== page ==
The radio serial Merundoi, which was pulled from the state-owned National Com-munication Network (NCN) airwaves on Tuesday reportedly over a storyline that dealt with voter education, is expected to return on air on Monday, according to Head of the Merundoi local office Margaret Lawrence.
Lawrence told Stabroek News that the matter was “amicably” resolved and described the situation as a “storm in a teacup.” She declined to offer further comment and would only say that NCN and Merundoi would issue a joint press release. Up to press time, no release was issued.
Repeated efforts to make contact with Programme Manager of NCN Martin Goolsarran proved futile, as on occasions when contact was made with his office he was either on the phone or not there.
Stabroek News asked Head of the Presidential Secretariat Dr Roger Luncheon about the issue yesterday during his weekly press conference and he indicated it would be only be appropriate for NCN or Merundoi to speak on the issue. Further, Luncheon said that the issue should be looked at in the context of the new regulations, which would be firmly and rigorously implemented under the new broadcast law.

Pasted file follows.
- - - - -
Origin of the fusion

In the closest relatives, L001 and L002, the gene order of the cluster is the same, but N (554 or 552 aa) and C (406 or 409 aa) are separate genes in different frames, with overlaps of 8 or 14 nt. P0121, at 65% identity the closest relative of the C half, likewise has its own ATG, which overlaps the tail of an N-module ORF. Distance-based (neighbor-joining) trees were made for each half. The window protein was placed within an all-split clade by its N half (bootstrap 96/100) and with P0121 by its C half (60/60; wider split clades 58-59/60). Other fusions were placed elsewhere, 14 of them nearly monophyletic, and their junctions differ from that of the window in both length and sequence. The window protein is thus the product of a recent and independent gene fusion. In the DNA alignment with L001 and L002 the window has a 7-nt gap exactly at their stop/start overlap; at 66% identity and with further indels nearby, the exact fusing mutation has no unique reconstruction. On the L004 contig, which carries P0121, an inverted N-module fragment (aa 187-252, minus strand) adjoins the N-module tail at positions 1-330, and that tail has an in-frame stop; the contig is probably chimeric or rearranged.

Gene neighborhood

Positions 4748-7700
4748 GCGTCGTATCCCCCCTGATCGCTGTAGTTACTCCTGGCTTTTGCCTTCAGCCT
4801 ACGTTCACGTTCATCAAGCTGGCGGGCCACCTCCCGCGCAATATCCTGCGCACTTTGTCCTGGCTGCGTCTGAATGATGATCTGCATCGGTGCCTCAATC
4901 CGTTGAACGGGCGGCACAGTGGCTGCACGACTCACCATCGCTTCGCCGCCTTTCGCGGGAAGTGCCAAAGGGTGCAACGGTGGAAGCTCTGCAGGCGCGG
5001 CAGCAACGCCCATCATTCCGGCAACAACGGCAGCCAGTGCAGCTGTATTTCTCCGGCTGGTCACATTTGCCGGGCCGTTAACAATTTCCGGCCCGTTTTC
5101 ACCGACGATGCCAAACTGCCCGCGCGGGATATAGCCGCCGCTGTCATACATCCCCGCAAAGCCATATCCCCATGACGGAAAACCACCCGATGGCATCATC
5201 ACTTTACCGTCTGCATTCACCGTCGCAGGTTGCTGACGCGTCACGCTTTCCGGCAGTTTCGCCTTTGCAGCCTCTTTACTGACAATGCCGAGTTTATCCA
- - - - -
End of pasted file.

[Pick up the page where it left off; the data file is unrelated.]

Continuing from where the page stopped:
On Tuesday, a source close to the production had confirmed that they were inform-ed on the very day that the show would no longer be aired.
The source said that one of the criteria for a USAID grant received in June was for harmony, tolerance and voter education to be incorporated into the skits. Stabroek News was told that the aim of the voter education storyline was to persuade people to vote unity and not race. “It was all about general education,” the source stressed.
The source had told this newspaper that the pulled show was already on the internet. It was explained that at the beginning of the week when the various series are given to the radio, they are also uploaded onto the internet.
Persons close to the radio play said that this development was surprising, since there was no message about a political party or anything that would incite tension or conflict. Over the years it has gained popularity among many, especially youths.
Merundoi started out as a joint venture production by the US Centers for Disease Control and Prevention Glo-bal AIDS Programme Guyana in collaboration with the Ministry of Health.
The serial is a PEPFAR-Government of Guyana project based on the MARCH (Modelling and Reinforce-ment to Combat HIV) strategy for behaviour change communication and aims to help people reduce the risk of HIV infection and transmission; encourage access to care and treatment, support individual behaviour change and reduce stigma and discrimination.
When it acquired Non Governmental Organisa-tion status in 2008, it functioned independently with the US Agency for International Development (USAID) being its main donor. Since its first episode aired in October 2006, Merundoi had integrated into the health and education sectors, executing its strategy for behaviour change communication and tapping into the school curriculum.